Dihua Street is a popular market in the lead-up to Chinese New Year, selling many types of traditional foods.
Meanwhile, the night markets remain vibrant with all sorts of snacking options.
Tainan is the oldest city in Taiwan, and was the island's political and economic centre until the late 19th century. I scoured around a few of the city's prominent temples to do some heritage tourism.
Pedestrianized streets are popular even during the day.
The fire department was hosting an open house as it was January 19, which represents the emergency phone number. Visitors could ride the ladder above the traffic circle.
The Dutch built Fort Zeelandia in 1624-34, which consisted of a square fortress wrapped by rectangular outer walls. During the Qing Dynasty, Tainan's political centre moved eastwards, and the fort declined, then partially dismantled during the Japanese colonial era.
Siem Reap, Cambodia
Angkor Wat is not a cheap place to visit, but thanks to a free mileage flight and hotel points, a Chinese New Year trip to this magical place became a bargain. The early wake-up calls, hot, dry days, and tired feet were all worth it.
These folks look on as you enter Angkor Thom.
Sunrises and sunsets are crazily beautiful here.
Although there were lots of tourists during this extended holiday period in Greater China, some of the less popular sights in the vast Angkor Wat area remained tranquil.
Elephants played a major role in the ancient Khmer empire.
Beng Mealea was featured in my research as an untouched ruin, unlike its other counterparts. It was dangerous to visit, but at least it was more "real".
With a reliable driver, I commuted between the temples in air-conditioned comfort, then baked under the blue sky.
Sometimes you look up and wonder how could they build all this so many centuries ago?
Detian Waterfalls, Guangxi
Easter is a great time to travel from Hong Kong as a local Chinese festival also falls around the same time, leading to an extra long weekend. Not willing to pay a premium to travel far, I opted to do some eco-tourism and admire this place along the Vietnam border.
There were no border guards enforcing the boundary. The market on the Vietnamese side was fully accessible to us from the Chinese side. A marker shows the official boundary.
Like Guilin, this part of Guangxi is picturesque.
After seeing some exceptional cherry blossoms in Xian last year, I spent the rest of the extra long weekend in Easter to try my luck in this huge city. Thanks to a very cheap mileage redemption, this trip had extra good value for money!
But the cherry blossoms did not wait for me.
Street food looked interesting but a little too dirty for my tastes.
There were some hidden architectural gems, such as this temple.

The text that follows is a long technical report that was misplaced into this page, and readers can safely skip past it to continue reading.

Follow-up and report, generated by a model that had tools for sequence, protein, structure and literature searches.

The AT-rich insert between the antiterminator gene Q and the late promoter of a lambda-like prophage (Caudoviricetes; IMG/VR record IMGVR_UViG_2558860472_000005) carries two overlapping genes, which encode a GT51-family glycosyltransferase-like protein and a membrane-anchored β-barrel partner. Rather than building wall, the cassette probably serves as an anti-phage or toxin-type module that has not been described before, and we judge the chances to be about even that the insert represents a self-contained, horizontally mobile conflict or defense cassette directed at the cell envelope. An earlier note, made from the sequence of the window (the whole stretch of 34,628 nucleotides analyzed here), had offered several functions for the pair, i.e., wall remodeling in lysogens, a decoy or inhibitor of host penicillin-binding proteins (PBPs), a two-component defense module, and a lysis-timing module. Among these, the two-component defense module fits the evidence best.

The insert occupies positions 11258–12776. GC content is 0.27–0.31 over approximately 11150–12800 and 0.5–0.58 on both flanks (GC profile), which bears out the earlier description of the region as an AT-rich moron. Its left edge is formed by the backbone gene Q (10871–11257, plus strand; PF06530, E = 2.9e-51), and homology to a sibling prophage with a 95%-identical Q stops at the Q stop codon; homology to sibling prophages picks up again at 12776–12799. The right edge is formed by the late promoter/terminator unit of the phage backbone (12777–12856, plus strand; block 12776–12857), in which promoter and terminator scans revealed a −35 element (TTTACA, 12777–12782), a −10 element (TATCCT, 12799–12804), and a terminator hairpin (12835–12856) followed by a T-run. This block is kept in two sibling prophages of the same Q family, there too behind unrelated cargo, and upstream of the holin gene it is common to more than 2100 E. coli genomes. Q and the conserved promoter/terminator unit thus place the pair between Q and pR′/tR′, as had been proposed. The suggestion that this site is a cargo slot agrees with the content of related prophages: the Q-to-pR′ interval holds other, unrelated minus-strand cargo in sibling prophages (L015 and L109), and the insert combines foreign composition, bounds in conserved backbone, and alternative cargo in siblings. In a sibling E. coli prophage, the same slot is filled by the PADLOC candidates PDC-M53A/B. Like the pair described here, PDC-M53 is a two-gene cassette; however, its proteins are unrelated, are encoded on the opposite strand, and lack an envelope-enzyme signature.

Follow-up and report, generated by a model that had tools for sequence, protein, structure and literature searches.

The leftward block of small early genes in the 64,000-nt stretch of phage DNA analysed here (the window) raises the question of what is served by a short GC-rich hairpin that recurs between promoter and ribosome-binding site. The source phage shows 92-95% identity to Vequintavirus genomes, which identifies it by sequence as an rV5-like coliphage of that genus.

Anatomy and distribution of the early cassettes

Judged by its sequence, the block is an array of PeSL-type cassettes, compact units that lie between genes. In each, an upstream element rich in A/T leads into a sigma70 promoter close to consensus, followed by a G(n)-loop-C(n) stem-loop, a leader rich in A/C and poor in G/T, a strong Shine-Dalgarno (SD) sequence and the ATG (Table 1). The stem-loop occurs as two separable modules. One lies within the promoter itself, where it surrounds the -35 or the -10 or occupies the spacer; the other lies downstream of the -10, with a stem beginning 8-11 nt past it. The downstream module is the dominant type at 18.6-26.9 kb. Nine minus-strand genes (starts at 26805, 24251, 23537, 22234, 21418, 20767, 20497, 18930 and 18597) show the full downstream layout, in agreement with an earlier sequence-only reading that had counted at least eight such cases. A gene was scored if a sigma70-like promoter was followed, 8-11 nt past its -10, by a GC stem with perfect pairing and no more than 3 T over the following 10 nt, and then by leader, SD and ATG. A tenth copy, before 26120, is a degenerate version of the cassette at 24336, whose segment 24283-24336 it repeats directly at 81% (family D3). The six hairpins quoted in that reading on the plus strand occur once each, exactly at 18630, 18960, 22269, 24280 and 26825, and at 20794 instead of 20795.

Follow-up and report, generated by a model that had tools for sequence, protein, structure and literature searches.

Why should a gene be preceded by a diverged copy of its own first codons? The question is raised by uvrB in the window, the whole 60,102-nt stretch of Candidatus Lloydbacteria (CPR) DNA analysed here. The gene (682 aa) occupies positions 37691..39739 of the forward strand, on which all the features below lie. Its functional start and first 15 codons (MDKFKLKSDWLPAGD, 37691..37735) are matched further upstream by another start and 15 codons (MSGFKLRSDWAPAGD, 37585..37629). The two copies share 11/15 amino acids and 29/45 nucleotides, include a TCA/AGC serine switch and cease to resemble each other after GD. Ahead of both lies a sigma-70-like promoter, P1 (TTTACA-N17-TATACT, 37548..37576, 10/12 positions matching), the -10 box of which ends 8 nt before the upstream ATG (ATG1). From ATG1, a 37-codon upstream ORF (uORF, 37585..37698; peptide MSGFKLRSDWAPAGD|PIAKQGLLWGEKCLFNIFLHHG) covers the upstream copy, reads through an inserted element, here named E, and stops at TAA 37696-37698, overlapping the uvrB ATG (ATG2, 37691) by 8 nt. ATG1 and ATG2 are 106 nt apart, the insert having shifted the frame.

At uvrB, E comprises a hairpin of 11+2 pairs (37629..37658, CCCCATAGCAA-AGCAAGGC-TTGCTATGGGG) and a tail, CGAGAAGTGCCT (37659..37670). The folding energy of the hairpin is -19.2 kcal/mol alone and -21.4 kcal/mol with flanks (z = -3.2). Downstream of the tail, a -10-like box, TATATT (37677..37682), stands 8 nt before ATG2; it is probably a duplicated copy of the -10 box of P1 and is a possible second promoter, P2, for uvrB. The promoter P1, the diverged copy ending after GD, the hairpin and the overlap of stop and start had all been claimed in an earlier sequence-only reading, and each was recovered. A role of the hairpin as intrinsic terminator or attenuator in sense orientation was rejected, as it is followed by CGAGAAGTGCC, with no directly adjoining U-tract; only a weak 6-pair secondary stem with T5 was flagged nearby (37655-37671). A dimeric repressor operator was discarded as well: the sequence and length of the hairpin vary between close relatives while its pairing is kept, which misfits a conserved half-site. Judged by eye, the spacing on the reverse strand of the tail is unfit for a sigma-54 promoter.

Local communities are vibrant and lively. People are not afraid of thieves among their flock.
Like Shanghai, Wuhan has its own "Bund", a reflection of its port history.
I saw this type of photo in a brochure and had to get one for myself.
I return to this desert oasis for a brief visit as the summer heat sizzled. An annoying haze covered what could have been an awesome photo opportunity.
I remember walking along both banks of the Creek in my last visit.
The guide mentioned the unique thing about St. Petersburg is it does not look Russian. By the end of my visit, I fully agreed!
I read about the impressive collection at The Hermitage, and I was not disappointed. I could spend days exploring in there.
Catherine's palace dates from the 18th century. The interiors are lavishly decorated while the gardens are very pleasant.
I could not afford Caspian Sea sturgeon caviar, so had to settle for the salmon alternative instead.
I did very little souvenir shopping, but photographed them instead.
Being so far north, the sun does not set so early as summer approaches. In fact, it never got totally dark even by 11pm.
Peterhof's fountains are very impressive.
Veliky Novgorod, Russia
I arrive in Veliky Novgorod after a long bus ride from St. Petersburg along the main highway to Moscow - if only it was not a narrow country road. This place holds a special status as the oldest city in Russia and a major trading outpost in the Hanseatic League days.
The Cathedral of St. Sophia was built in 1050 whose 11th and 12th century frescoes have survived to today. It is still being used for services today and unfortunately, photography is not allowed inside.
The Monument to the Millennium of the Russian Statehood was unveiled in 1862 and depicts the various figures that shaped Russia's history. Can you find Peter the Great?
Just outside town, Vitoslavlitsy is a museum of wooden architecture that depicts life in old Russian villages.
I had high hopes of seeing some unique vehicles and architecture in Moscow. I was not disappointed.
The subway stations are impressive, and bursting with tourists. At some key stations, it was impossible to wait for the crowds to pass for a photography opportunity.
Like many European cities, a new skyscraper district rises away from the historical area.
Stop the bourgeoisie and free the proletariat!
Red Square and the Kremlin ... the centre of power in Russia, with the grand buildings to show it.
The more historic Kremlin had smaller buildings, and the typical array of churches and squares.
I thought the GUM department store was a bit overrated. The arcade mall design is not unique to Moscow, and the glass ceiling meant it was a hot greenhouse inside.
St. Basil seems smaller than in Tetris. Nevertheless, the onion domes are very interesting. I saw a similar-styled church in St. Petersburg but this one will always be the classic standard.